Only one book? Are you MAD??? I'd take "A Year in Provence" by Peter Mayle. It makes me laugh, and if I'm alone on a desert island I'm thinking laughs would be in order.

However, given I'm alone on a desert island some book entitled "How to Survive on a Desert Island" might be the wisest pick.


Lorel Clayton said...

Love all these ideas, but Elspeth is right about the "How to survive..." book. That's what you really need.
I'd have to choose something I could read over and over (which I have): "Ten Points for Style" by Walter Jon Williams. Always makes me laugh. Since that's out of print, how about "Magician" by Raymond Feist.

Debra Giuffrida said...

Gary Gorby said...
The complete Sherlock Holmes stories – Sir Arthur Conan Doyle. Yes, every one of them. It’s necessary for the good of your soul.

All the Greek stories of Mary Renault. Simply the best Greek historical novels of all time.

I can't agree more! Oh and throw in Kate Mosse's Labyrinth if you haven't read it already. It is absolutely a must for us historimaniacs. Twists and turns and lovely research!

Terresa said...

I would bring Man's search for meaning by V. Frankl. That is one meaty book.

PS: I just finished Catching fire. I'd curious to see what you think of those books. I enjoyed them but didn't expect Katniss & Peeta to return to another Games (even as a Quarter Quell kind of thing). It seemed a little rehashed to me, and then a little too quickly tied up at the end. Although you know I'm going to read book #3 in that series when it comes out!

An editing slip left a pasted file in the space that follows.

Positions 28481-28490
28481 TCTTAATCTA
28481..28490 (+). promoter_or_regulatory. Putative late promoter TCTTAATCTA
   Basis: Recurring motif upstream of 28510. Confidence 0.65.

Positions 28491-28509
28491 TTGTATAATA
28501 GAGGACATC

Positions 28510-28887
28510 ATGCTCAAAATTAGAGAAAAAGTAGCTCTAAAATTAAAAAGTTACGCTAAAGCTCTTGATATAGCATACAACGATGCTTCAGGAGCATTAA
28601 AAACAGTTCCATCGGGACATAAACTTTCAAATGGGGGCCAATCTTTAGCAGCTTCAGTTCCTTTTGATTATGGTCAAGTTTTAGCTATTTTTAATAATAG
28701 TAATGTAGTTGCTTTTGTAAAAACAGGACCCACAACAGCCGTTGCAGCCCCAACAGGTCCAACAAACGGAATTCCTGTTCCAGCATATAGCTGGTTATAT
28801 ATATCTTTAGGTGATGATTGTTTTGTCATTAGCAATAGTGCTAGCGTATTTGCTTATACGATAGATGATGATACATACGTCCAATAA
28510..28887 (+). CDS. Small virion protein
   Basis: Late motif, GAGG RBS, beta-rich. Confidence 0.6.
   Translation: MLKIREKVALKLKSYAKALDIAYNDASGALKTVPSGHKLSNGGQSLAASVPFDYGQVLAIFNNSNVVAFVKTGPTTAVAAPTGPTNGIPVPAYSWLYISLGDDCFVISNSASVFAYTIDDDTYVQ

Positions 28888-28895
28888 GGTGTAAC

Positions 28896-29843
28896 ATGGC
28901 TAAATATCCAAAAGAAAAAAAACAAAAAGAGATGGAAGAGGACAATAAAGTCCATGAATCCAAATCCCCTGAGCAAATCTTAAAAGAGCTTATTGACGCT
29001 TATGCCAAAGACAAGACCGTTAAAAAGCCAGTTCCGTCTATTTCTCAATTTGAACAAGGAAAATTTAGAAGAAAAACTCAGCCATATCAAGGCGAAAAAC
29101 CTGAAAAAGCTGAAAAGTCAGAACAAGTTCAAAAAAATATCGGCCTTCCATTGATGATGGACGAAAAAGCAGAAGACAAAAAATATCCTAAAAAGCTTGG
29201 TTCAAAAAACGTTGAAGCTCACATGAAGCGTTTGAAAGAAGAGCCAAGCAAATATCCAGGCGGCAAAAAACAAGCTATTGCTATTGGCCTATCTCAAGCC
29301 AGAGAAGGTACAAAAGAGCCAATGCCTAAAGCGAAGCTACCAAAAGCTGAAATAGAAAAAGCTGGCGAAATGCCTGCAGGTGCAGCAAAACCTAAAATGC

Also! Gabaldon's Outlander series. I've read through Voyager in that series and loved each and every bit of her books. She packs it all in and is so brilliant, it leaves me gaping...Do share your Outland-ish (pun intended) feelings as you read!

Stephanie Thornton said...

Heavens! I guess I asked for it, didn't I? Today has been swamped at work, but I'm looking forward to adding all these to the pile!

Terresa- That would be my one critique of Catching Fire- I didn't expect the Quarter Quell games. There better not be a game in Book #3 or that will really be rehashing. It did feel quick at the end, but I could have gone on for another 100 pages. I do recall looking at the slim number of pages left and wondering how the heck Collins was going to wrap it up. But you know I'm preordering #3 in August. I need closure!

Jade said...

My one book on the island-thing would be Catch-22. I freaking love that book.

As for recommendations...The Maze Runner by James Dashner, Wake by Lisa McMann, the Graveyard Book by Neil Gaiman. Those are just the ones I can see without turning my head. Also, I just read Shiver and I'm also enjoying the Chronicles of Vlad Tod by Heather Brewer.

Dawn Simon said...

I don't know--it's too hard to choose. Definitely something I haven't read, since I'd be reading it a lot. ;) Also something long. Though if I was going to be stranded on an island, that would affect my decision. Maybe: HOW TO TURN SALT WATER TO FRESH IN FIVE EASY STEPS or HAMMOCK MAKING FOR DUMMIES.

I'm going to start THE BOOK THIEF soon, once my son finishes it.